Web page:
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PEOPLE & THINGS: Worlds apart . . .

Peter Wickham

PEOPLE & THINGS: Worlds apart . . .

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Reactions to last week’s article were fascinating and have prompted a follow-up, especially as the French parliament approved gay marriage last week. This progressive move on the part of the French comes on the heels of a similar move by the New Zealand parliament a few weeks ago.
These two parliaments are following a global trend of progressive legislatures in places such as Argentina, Canada, Spain and South Africa, which have all come to the conclusion that their citizens should be able to marry the person of their “choice”. 
It is important to note that the French now join 12 other countries in defining marriage as a lawfully recognized union between two people of any sex.Noteworthy is Britain, whose Conservative prime minister, Liberal deputy prime minister and Labour opposition leader all unreservedly support gay marriage.
Across the pond, President Obama has “evolved” and is now also speaking in support of gay marriage while the United States Supreme Court is examining the issue. 
That court is speaking to human rights matters in which it is constrained by the Declaration of Independence’s stipulation that “all men are created equal”. Against this background Justice Ruth Bader Ginsburg’s concern about DOMA’s (Defence Of Marriage Act’s) inadvertent creation of “skimmed milk marriage” speaks volumes about that court’s likely verdict.
Dairy preferences aside, the direction of the “First World” on this issue is clear and our local Boy Scout debate typifies the extent to which we occupy an entirely different mental space here.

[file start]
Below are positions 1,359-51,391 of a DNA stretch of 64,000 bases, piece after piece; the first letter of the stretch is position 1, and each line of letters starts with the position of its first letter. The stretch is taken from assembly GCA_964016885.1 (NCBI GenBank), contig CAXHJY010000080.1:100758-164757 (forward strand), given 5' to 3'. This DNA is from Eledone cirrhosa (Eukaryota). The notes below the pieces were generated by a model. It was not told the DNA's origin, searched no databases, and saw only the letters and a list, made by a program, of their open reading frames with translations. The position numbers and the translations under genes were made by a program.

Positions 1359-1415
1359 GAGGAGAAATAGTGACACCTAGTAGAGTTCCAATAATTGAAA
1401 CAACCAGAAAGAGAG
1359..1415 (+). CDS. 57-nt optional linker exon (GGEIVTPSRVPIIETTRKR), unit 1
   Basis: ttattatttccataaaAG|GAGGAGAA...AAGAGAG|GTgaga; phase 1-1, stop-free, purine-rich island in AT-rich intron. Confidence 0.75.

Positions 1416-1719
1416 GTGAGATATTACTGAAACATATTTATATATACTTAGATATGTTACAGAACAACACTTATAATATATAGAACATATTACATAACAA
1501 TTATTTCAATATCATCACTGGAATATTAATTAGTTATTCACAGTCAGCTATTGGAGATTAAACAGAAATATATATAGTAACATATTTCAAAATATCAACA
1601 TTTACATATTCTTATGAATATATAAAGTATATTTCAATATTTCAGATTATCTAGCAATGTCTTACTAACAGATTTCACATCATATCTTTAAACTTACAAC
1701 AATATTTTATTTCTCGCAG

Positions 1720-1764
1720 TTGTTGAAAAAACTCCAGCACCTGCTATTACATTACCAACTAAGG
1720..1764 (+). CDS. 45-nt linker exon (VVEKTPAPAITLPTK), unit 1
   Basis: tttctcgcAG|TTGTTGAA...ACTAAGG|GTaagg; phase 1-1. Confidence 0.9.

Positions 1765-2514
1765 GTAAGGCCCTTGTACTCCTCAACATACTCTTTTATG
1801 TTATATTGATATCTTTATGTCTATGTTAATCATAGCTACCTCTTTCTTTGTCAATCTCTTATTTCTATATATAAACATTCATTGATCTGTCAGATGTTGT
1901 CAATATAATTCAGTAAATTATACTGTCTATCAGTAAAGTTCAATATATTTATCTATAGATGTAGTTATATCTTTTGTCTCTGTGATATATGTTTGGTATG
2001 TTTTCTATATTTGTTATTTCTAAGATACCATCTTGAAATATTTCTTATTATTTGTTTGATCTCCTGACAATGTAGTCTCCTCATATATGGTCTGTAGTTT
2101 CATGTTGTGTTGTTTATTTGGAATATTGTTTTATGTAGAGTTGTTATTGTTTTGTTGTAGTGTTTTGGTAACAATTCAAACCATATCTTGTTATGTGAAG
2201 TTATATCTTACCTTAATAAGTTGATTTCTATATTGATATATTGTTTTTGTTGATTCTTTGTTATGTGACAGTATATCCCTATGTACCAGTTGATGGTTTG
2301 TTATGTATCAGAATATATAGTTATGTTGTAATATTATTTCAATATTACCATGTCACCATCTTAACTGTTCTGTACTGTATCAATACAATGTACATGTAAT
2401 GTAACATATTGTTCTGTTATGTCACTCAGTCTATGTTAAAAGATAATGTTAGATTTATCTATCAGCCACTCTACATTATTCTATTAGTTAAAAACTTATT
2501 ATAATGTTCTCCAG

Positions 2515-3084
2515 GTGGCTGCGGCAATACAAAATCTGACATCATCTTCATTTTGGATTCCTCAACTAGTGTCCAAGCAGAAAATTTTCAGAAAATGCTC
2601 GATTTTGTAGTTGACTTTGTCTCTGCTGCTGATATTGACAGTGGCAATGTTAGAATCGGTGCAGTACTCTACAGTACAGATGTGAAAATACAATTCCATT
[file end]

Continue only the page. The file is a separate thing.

“They” are concerned that “all men” should be treated equally, while “we” are not appalled that our state and organizations like the Boy Scout movement practise discrimination. 
As such, in New York two men can get married and the police will defend their right to live peacefully together, while four hours away in Bridgetown our laws allow for the privacy of these same men’s home to be violated on suspicion of unlawful activity. Sovereignty sanctions “us” having rules different to “them”. However, I am forced to ask why “we” think that our position makes “us” better than “them”.
In pursuit of this conundrum I was assisted considerably by comments on my Facebook page last week from the mothers of two sets of sons, one European and the other Barbadian.
The Barbadian mother said, “As the mother of two sons who [are] scouts, I would not be comfortable sending my sons off to camp with someone who is attracted to men or boys, whether the man was openly gay, secretly gay or attracted to both sexes. If your children choose to be gay as adults then that’s their choice, but I would not want them to be influenced as children to choose a gay lifestyle.” 
In response, the European mother said, “As the mother of a gay son, I find it very hurtful to read you would keep your children away from him if you’d known him only because of his sexuality. My son is as precious to me as yours to you. He is funny, understanding and a truly good person, so to hear that people like you are scared he would “turn them gay”, as a mother, same as you, is heart-wrenching . . . I feel for you.”
I share the European mother’s concern that the Barbadian mother has basically determined a person’s character based on a single factor about which she has entrenched prejudices (and clearly knows little).
Moreover, it is sad that we are not mature enough as a society to see the overwhelming damage that is done when we pass judgement on an individual based on generalized prejudices. I entirely respect the right of any mother to protect their child from danger, but I suspect that the Barbadian mother would be appalled if I said that I would prefer “my” kids not to ride on a bus driven by a woman because “everyone knows that women can’t drive”, or that I don’t want them associating with Muslim kids because “Muslims are terrorists”.
As a highly literate post-slavery society it is unfortunate that we are unwilling to appreciate the extent to which these myths are no different to those which once argued that black people had smaller brains.
Worse yet, incidents like the “Jerry Sandusky” debacle demonstrate that the threats to children appear more likely to come from sexually dysfunctional “happily married men” or closet perverts that the Boy Scout movement appears to have no difficulty with now.
• Peter W. Wickham is a political consultant and a director of Caribbean Development Research Services (CADRES).